Similarities between ARN syndrome and forms of viral retinitis such as neonatal HSV infections and CMV retinitis have been noted.8,9,16 Early studies either failed to detect rising serum antibody titers to common viruses or failed to culture virus from the vitreous of patients with ARN, and the viral theory remained speculative.17,48,49 In 1982, Culbertson and coworkers found viral particles consistent with a member of the herpes family of viruses in retinal tissue from an individual with ARN.1 Positive serum VZV titers and positive intraocular VZV antigen studies have been documented in some patients with ARN2,50–52; VZV also has been cultured from the vitreous during the active phase of ARN.2 Along with VZV, it is now clear that HSV types 1 and 2 also can produce ARN syndrome13,15,30,53; HSV has been cultured from the vitreous and HSV-DNA types 1 and 2 have been identified by polymerase chain reaction.3–5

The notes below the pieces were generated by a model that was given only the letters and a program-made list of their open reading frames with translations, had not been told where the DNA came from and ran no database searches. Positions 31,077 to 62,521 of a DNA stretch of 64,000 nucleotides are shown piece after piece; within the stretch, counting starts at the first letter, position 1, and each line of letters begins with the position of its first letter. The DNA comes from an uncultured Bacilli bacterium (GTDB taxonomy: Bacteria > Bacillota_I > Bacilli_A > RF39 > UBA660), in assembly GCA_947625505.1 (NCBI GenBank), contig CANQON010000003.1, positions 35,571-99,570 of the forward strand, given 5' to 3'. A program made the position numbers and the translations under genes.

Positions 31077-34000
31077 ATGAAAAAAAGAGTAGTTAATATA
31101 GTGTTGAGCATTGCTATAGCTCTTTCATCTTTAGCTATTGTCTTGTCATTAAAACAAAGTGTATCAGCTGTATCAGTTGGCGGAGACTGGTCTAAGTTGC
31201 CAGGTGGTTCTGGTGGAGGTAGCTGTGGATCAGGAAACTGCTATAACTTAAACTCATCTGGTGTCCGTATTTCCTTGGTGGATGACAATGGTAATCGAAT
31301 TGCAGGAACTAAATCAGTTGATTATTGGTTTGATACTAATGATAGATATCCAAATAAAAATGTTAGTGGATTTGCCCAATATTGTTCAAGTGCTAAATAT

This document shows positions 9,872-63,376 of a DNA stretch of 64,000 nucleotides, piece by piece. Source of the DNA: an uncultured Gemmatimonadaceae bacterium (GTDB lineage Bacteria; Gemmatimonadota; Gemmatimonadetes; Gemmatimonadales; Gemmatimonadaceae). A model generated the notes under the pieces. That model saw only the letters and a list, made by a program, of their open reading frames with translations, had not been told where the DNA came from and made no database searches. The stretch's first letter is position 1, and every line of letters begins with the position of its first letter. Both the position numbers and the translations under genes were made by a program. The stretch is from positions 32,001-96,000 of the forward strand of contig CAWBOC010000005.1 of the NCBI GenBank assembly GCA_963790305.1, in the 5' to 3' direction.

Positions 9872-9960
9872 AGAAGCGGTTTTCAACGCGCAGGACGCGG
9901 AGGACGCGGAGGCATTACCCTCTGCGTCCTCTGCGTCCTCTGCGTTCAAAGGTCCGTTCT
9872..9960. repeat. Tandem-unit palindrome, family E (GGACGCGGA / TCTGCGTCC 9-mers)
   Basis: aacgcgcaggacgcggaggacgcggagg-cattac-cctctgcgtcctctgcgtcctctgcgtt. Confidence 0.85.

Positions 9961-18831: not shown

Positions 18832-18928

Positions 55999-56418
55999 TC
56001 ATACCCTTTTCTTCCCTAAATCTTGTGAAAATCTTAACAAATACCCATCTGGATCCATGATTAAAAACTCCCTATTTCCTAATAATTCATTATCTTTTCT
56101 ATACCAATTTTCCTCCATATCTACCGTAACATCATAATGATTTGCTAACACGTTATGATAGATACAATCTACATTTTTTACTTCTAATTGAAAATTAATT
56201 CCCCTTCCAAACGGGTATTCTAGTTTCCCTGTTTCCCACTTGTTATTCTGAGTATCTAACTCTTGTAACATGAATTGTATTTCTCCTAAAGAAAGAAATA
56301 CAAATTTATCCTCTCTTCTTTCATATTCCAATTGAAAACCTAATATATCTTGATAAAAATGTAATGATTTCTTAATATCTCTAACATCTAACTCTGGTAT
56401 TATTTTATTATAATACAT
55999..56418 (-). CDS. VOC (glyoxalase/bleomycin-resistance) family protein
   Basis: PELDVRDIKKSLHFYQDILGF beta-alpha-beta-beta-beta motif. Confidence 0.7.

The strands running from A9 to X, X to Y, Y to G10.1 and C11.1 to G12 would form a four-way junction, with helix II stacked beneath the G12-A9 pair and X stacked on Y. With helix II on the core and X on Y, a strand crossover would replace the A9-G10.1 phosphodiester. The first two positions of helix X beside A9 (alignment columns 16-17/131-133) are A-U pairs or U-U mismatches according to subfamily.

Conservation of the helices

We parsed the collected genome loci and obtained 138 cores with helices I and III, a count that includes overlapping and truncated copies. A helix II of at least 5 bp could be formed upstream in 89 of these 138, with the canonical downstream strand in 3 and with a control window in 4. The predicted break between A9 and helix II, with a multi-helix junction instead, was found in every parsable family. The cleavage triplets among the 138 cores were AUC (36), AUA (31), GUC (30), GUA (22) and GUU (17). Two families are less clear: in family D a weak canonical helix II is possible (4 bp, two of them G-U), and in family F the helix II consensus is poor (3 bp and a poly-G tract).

Two members of the herpesvirus family, HSV and VZV, most commonly produce the clinical syndrome of ARN. Although CMV antigen was noted histopathologically in an enucleation specimen from a patient with bilateral ARN, subsequent studies have not supported an association between CMV and ARN syndrome.29 Under various clinical situations, HSV and VZV have been associated with a retinitis or choroiditis distinct from ARN and it is not clear what specific circumstances result in the ARN syndrome as opposed to other clinical ocular inflammatory syndromes. Most cases of cutaneous VZV and HSV are not associated with ARN syndrome; other factors must play a role in viral reactivation. An association between ARN and certain HLA haplotypes, such as the HLA-DQw7 antigen and the phenotype HLA-Bw62, DR4, has been postulated to account for the tendency of some individuals to develop ARN syndrome.54 It has been hypothesized that ARN may be a specific syndrome caused by a relatively recent mutation in the herpesvirus.42 There were few reports of similar cases before 1971 and most clinicians believe that ARN syndrome is a new disease.